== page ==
Scam 1992 is a SonyLIV Original. Harshad, who was also known as the big bull, because of his aggressive buying maneuvers on the stock market, was an Indian Icarus. You know the Greek myth about the boy who flew too close to the sun – his wings, which were made out of wax, melted and he fell into the sea. In the ‘80s and early 90s, Harshad was the king of the stock market but a combination of hubris and avarice led to his downfall. The series is based on a book by journalist Sucheta Dalal and Debashish Basu, who broke the story of the rot in the Indian banking system and how Harshad took advantage of it. From this material, director Hansal Mehta has created a series that is inspiring – after all Harshad was an ordinary, middle-class man who rose to a penthouse with a pool. He used to be called the Bachchan of the stock market. But it also works as a cautionary tale. Greed, despite what the ruthless Gordon Gekko told us in Wall Street (1987), isn’t good. The end, inevitably for both Gordon and Harshad, was a jail cell.
The series doesn’t gloss over what Harshad did. But it also indicts the system, which is a Kafkaesque network of corruption. Everyone, from the heads of foreign banks to cops to politicians are complicit. It’s an old boys club where each one is scratching the other’s back. The consequences of Harshad’s actions are dire – a close friend of his kills himself because he loses all the money he invested in stocks on Harshad’s advice. Innumerable others have their life savings wiped out. Hansal does terrible things but he isn’t a dastardly villain. Until the end, I was hoping that somehow, he would find a way to redeem himself.
Hansal and his writers – Saurav Dey and Sumit Purohit – create a living, breathing character which the terrific Pratik Gandhi brings to life. Harshad is ambitious and courageous. He is willing to take risks or as he so memorably puts it, “Risk hai to ishq hai”. These qualities help him to rise up fast but they also become a liability because he becomes a compulsive gambler who throws caution to the winds, even when the stakes are impossibly high. Pratik locates the determination in this man but also the charm and the swagger – Harshad takes great pride in owning a Lexus car. It becomes a symbol of wealth and power – people gather around just to look at it. The series rests on Pratik’s ability to portray this man with all his flaws without losing connect with the audience and he delivers brilliantly.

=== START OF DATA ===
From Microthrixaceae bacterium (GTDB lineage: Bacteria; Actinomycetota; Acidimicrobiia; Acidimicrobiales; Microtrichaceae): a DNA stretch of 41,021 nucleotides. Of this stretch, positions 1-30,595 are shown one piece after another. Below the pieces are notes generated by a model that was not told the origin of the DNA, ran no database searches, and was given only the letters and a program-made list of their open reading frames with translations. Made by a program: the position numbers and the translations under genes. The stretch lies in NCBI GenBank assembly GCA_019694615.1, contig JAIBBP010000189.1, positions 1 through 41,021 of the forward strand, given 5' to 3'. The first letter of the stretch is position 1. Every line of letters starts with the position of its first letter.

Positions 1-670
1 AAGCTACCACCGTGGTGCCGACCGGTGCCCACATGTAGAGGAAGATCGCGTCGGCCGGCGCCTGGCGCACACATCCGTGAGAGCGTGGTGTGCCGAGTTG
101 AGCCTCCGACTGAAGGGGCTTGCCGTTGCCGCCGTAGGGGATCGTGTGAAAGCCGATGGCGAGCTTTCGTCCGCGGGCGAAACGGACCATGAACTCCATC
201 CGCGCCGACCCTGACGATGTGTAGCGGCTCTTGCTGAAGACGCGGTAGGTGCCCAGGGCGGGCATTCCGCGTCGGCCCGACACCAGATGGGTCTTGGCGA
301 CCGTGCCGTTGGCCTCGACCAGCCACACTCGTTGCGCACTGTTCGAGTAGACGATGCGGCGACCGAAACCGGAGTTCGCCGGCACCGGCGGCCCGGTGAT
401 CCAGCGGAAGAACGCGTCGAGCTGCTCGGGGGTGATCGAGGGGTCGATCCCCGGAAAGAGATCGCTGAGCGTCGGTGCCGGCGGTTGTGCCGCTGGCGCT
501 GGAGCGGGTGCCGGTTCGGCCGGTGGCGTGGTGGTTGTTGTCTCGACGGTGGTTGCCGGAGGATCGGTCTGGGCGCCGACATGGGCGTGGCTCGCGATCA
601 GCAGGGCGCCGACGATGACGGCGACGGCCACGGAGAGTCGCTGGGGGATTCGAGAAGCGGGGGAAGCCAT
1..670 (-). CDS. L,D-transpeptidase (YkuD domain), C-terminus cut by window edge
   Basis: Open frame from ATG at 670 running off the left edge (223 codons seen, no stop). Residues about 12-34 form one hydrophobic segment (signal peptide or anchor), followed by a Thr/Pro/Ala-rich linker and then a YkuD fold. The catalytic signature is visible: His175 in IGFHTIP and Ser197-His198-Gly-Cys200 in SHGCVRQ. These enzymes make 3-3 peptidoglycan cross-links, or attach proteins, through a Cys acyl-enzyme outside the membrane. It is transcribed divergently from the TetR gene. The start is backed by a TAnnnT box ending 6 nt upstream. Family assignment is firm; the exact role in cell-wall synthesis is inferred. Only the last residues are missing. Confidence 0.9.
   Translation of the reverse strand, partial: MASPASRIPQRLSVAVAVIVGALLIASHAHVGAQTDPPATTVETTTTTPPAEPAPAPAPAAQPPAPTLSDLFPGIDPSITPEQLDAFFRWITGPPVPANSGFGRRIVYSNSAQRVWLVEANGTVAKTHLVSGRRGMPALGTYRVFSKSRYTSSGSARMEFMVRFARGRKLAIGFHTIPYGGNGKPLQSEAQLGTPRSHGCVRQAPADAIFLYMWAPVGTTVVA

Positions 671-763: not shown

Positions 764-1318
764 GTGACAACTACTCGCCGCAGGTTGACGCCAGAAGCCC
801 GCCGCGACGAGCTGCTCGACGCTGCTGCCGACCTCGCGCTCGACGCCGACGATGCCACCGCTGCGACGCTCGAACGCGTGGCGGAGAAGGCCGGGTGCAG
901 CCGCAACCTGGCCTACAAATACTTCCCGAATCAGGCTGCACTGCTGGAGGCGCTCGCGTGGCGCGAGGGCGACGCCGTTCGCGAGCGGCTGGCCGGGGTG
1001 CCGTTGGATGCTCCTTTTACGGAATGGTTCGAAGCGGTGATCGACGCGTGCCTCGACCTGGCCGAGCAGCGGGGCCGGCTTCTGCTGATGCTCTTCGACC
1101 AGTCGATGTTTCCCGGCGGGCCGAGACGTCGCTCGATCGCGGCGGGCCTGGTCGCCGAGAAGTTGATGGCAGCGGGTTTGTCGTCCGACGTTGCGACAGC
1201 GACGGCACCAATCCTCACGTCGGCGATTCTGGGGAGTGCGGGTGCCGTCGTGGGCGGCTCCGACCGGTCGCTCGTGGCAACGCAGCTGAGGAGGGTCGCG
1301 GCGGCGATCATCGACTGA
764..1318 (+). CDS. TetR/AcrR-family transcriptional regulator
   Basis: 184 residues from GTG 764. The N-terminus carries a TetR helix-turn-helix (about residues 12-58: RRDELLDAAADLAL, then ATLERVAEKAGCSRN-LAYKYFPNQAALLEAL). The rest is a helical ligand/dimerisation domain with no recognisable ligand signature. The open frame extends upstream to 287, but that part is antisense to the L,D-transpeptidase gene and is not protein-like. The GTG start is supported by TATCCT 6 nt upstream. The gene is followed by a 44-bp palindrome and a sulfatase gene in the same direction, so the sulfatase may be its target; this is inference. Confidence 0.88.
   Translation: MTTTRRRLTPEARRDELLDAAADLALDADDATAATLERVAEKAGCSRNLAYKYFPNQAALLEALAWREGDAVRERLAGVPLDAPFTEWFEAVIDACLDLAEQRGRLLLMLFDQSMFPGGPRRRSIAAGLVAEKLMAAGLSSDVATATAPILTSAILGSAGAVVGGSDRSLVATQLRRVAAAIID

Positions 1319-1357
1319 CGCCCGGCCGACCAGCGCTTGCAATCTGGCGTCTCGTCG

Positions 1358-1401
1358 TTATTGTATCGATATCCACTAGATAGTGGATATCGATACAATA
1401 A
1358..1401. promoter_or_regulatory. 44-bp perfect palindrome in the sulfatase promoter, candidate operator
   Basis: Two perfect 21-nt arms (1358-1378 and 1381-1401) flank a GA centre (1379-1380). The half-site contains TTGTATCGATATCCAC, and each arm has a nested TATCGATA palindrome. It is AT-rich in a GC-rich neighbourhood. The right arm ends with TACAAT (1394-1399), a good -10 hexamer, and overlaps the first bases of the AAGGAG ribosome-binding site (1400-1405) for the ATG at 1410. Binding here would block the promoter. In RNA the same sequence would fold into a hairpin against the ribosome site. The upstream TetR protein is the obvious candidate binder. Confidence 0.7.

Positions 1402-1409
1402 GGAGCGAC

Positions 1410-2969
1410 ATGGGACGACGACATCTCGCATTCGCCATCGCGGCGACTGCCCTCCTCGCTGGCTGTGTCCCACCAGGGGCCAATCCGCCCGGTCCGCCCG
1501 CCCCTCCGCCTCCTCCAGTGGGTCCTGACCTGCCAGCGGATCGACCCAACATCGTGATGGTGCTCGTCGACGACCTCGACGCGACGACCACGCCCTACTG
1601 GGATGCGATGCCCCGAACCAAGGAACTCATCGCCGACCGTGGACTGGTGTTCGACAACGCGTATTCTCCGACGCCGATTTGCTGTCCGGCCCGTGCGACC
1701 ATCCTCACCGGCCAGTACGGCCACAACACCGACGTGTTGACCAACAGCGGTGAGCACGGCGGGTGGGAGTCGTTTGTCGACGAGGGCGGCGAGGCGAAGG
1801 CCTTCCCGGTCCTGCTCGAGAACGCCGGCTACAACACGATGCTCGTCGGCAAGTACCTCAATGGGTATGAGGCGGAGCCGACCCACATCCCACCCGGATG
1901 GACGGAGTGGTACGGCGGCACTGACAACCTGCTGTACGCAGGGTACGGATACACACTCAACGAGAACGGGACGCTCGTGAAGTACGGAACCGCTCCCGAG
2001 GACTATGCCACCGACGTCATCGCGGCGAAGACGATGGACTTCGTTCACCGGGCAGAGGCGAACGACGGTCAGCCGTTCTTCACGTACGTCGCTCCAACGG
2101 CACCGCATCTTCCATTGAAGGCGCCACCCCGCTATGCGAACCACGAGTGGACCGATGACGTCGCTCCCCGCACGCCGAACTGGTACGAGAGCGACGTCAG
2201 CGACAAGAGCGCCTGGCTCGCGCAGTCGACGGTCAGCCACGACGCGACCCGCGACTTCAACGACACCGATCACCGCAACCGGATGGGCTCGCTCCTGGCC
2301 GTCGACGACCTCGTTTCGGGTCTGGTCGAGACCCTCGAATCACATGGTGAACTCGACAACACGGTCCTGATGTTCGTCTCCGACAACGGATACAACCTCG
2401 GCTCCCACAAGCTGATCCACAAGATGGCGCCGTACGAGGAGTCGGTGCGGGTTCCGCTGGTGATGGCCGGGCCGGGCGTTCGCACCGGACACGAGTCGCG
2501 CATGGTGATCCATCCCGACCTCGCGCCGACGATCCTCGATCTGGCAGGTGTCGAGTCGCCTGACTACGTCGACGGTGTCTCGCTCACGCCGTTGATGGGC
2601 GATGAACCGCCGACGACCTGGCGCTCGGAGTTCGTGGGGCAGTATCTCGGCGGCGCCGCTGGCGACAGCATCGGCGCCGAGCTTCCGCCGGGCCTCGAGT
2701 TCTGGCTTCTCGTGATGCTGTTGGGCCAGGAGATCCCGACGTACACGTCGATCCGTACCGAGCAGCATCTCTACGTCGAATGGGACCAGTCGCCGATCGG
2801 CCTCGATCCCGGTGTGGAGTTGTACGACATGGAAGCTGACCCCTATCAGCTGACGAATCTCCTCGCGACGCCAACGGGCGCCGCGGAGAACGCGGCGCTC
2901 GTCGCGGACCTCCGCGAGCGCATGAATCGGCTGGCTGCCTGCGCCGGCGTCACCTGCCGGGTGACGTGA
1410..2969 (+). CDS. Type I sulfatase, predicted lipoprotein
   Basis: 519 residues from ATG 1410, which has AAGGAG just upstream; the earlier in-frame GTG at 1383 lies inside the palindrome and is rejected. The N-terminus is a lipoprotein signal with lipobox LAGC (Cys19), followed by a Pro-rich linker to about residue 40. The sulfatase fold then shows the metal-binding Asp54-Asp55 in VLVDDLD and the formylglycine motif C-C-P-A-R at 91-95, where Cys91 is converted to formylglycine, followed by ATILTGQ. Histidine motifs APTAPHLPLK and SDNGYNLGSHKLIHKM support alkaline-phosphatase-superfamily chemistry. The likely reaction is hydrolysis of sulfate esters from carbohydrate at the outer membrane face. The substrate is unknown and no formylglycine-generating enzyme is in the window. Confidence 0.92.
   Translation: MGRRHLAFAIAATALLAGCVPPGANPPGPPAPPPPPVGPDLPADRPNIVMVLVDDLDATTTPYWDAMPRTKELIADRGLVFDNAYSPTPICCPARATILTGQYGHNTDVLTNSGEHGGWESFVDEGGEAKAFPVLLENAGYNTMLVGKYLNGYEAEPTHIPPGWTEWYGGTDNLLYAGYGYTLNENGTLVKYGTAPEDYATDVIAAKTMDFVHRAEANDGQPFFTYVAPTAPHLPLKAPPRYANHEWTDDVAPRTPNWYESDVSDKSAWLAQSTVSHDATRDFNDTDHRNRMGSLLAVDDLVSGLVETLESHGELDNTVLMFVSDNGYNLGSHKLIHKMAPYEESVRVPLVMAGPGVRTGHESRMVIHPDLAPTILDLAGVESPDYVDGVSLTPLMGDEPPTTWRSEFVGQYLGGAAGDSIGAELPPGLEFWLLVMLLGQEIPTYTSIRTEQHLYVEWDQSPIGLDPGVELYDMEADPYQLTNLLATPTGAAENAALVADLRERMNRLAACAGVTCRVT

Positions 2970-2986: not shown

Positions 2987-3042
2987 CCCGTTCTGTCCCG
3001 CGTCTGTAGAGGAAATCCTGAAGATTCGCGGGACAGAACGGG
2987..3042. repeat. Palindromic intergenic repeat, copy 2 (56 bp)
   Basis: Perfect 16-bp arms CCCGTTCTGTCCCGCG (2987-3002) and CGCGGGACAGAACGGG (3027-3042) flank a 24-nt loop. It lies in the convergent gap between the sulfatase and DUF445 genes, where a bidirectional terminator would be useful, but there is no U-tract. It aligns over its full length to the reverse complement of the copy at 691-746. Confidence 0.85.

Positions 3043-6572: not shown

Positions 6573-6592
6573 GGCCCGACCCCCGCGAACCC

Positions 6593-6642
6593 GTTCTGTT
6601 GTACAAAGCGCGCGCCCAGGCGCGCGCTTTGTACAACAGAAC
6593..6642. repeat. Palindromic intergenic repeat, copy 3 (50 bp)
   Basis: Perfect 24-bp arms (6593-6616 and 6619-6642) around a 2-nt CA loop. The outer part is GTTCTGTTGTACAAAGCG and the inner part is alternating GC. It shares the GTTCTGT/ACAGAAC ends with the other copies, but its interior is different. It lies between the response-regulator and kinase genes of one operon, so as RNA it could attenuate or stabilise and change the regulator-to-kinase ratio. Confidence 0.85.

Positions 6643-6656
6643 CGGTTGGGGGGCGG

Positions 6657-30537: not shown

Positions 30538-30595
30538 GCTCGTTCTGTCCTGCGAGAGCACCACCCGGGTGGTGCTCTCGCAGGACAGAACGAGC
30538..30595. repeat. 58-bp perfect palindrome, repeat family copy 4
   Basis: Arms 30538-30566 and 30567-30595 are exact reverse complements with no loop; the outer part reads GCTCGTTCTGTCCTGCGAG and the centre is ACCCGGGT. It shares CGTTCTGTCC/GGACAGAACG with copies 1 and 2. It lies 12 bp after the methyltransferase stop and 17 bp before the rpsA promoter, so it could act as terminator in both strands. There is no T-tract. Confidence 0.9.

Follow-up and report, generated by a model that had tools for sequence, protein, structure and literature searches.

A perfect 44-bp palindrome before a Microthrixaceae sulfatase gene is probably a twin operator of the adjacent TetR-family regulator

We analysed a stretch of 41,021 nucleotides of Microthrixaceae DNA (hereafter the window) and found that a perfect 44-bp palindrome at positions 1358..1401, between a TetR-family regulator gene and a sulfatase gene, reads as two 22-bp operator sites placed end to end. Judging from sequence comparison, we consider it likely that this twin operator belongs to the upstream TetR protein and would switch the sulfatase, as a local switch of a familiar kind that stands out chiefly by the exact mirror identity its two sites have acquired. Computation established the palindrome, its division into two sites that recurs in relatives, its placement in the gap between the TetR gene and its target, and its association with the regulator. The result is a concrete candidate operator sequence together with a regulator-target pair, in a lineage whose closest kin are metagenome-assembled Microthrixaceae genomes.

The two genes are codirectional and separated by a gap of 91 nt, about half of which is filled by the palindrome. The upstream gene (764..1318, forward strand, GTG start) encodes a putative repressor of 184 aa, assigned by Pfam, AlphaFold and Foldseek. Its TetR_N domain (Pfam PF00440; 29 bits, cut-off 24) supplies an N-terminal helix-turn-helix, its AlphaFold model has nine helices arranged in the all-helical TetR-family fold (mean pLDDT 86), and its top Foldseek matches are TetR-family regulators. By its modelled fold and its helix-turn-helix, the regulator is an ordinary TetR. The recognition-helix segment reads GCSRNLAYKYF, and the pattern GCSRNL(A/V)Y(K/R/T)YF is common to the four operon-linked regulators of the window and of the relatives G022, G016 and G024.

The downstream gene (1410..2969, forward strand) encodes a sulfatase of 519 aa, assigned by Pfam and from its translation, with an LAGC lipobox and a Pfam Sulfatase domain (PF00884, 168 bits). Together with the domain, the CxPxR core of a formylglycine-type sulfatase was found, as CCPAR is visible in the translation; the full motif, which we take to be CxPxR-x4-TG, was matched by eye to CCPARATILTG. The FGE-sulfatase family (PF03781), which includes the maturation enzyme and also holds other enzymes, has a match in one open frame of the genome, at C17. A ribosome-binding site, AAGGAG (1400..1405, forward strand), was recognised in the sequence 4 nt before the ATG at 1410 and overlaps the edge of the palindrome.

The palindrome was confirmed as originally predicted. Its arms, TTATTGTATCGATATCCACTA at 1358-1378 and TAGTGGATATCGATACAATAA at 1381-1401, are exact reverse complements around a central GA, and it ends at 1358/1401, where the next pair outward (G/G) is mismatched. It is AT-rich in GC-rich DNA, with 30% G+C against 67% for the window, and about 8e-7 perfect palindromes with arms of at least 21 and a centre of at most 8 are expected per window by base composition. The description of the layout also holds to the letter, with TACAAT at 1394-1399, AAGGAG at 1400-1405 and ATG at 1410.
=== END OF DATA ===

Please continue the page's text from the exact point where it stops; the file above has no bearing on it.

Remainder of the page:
Scam 1992 is a triumph of writing and casting. Every actor has been selected with precision by casting director Mukesh Chhabra. Look at Hemant Kher as Harshad’s brother Ashwin Mehta, who tries to keep Harshad in check but fails. It’s a wonderfully sympathetic performance. Or Shreya Dhanwanthary as Sucheta, the lone woman in a male environment, determined to take on the corrupt system. Shreya captures Sucheta’s moral resolve, her courage and her vulnerability. There’s also Chirag Vohra as Harshad’s associate Bhushan Bhatt – in the last episode, Bhushan finally explodes and it’s something to watch. And Jay Upadhyay as the oily Pranav Sheth, another broker who stays by Harshad’s side, through thick and thin. Pranav bhai likes to end his sentences with ‘darling’ and he tells it like it is. In the second episode, he advises Harshad not to invite any well-heeled clients to his shabby office. Pranav says, “Kya hai na, teri gareebi dekh ke unko unki ameeri satayegi.”
The dialogues by Vaibhav Vishal and Karan Vyas are a highlight of the series. Vaibhav and Karan throw in enough Gujarati to make the conversations authentic. They also rely on a Hindi movie staple – dialogue baazi. Harshad drops quotable quotes like, “Success hai kya? Faliure ke baad ka chapter”. But this doesn’t come off as artificial. It seems like something a man with such a hunger to succeed would say. Production designers Payal Ghose and Tarpan Shrivastava skillfully recreate the world of the 80s and early 90s – fiat cars, typewriters and cordless phones the size of small books will make you smile. And threading it together is the terrific music by Achint Thakkar.
There are stretches in which the stock-market jargon gets too technical but Hansal and co-director Jai Mehta never lose sight of the human story. Which is what makes Scam 1992 so gripping. Don’t miss it!
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